[Editor’s Note: Occasionally, we will repost a previously published article on the blog. Our community is growing quickly and that means this might be new to a lot of folks. This was originally posted on March 3, 2010.]
Stanford psychologist, Carol Dweck‘s work is research-based and nuanced, but can be boiled down to a simple (and profound) schema.
There are two mindsets: fixed and growth.
People who primarily have a fixed mindset believe that intelligence, talents and personality are fixed and innate. For people who have a growth mindset, intelligence, talents and personality can be worked on, improved and made better.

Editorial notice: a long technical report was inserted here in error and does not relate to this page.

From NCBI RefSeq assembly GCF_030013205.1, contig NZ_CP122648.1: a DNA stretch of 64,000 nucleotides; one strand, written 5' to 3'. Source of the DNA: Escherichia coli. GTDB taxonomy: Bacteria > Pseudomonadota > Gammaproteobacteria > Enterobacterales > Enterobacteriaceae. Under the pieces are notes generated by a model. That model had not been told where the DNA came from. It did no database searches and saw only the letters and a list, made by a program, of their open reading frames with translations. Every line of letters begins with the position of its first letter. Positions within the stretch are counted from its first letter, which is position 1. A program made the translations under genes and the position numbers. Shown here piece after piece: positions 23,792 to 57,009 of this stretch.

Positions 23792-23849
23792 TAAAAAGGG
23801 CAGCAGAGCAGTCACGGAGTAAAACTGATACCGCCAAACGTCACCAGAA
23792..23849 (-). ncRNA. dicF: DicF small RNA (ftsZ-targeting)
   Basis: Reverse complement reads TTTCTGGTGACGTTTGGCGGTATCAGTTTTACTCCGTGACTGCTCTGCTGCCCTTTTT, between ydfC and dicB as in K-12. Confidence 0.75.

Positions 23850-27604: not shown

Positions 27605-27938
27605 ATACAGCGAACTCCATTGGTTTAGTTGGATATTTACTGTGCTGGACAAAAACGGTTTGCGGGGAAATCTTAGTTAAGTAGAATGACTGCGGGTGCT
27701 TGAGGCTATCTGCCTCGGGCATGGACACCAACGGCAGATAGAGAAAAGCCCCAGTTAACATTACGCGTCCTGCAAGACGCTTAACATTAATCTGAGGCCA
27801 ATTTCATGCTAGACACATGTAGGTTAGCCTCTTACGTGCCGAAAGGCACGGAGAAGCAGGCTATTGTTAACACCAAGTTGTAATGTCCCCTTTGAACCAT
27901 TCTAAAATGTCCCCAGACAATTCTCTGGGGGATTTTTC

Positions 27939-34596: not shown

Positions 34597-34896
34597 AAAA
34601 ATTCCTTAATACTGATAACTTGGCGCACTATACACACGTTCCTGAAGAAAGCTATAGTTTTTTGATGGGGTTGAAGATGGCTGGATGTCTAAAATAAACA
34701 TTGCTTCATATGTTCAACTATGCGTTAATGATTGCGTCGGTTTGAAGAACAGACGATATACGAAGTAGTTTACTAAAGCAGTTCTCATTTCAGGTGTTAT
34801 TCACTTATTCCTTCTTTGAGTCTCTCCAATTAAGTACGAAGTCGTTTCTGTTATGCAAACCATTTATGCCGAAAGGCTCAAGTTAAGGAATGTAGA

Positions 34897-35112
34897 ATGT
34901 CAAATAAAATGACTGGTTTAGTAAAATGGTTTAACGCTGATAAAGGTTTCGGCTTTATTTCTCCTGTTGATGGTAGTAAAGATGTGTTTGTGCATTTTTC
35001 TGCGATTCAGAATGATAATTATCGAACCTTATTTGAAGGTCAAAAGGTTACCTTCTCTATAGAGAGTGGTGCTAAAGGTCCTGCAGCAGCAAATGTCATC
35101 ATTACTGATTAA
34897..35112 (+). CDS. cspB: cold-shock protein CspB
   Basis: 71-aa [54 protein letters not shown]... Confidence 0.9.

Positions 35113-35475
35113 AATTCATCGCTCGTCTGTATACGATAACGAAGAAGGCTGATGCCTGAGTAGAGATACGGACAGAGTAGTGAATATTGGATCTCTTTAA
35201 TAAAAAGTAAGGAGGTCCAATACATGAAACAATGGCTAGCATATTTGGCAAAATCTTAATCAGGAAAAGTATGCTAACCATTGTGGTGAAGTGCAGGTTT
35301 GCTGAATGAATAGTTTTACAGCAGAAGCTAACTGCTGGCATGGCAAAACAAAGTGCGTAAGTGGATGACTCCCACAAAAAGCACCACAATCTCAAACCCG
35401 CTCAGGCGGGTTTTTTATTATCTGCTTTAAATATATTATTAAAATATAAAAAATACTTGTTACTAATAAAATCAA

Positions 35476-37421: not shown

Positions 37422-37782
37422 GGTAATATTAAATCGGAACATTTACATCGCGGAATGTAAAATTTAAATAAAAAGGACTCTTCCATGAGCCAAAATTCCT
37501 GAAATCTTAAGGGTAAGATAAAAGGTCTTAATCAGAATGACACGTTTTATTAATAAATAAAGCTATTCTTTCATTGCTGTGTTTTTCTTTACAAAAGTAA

The implications of this schema are profound for education. For example, being mindful of these fixed/growth mindset tendencies in students should influence the way we give feedback. (Positive feedback about a student’s innate intelligence is less helpful than praise about the student’s effort and hard work.)
Click on the image below to see Dr. Dweck’s Keynote Address at the 2009 Scottish Learning Festival:
I have been reading Mindset. It is quite good.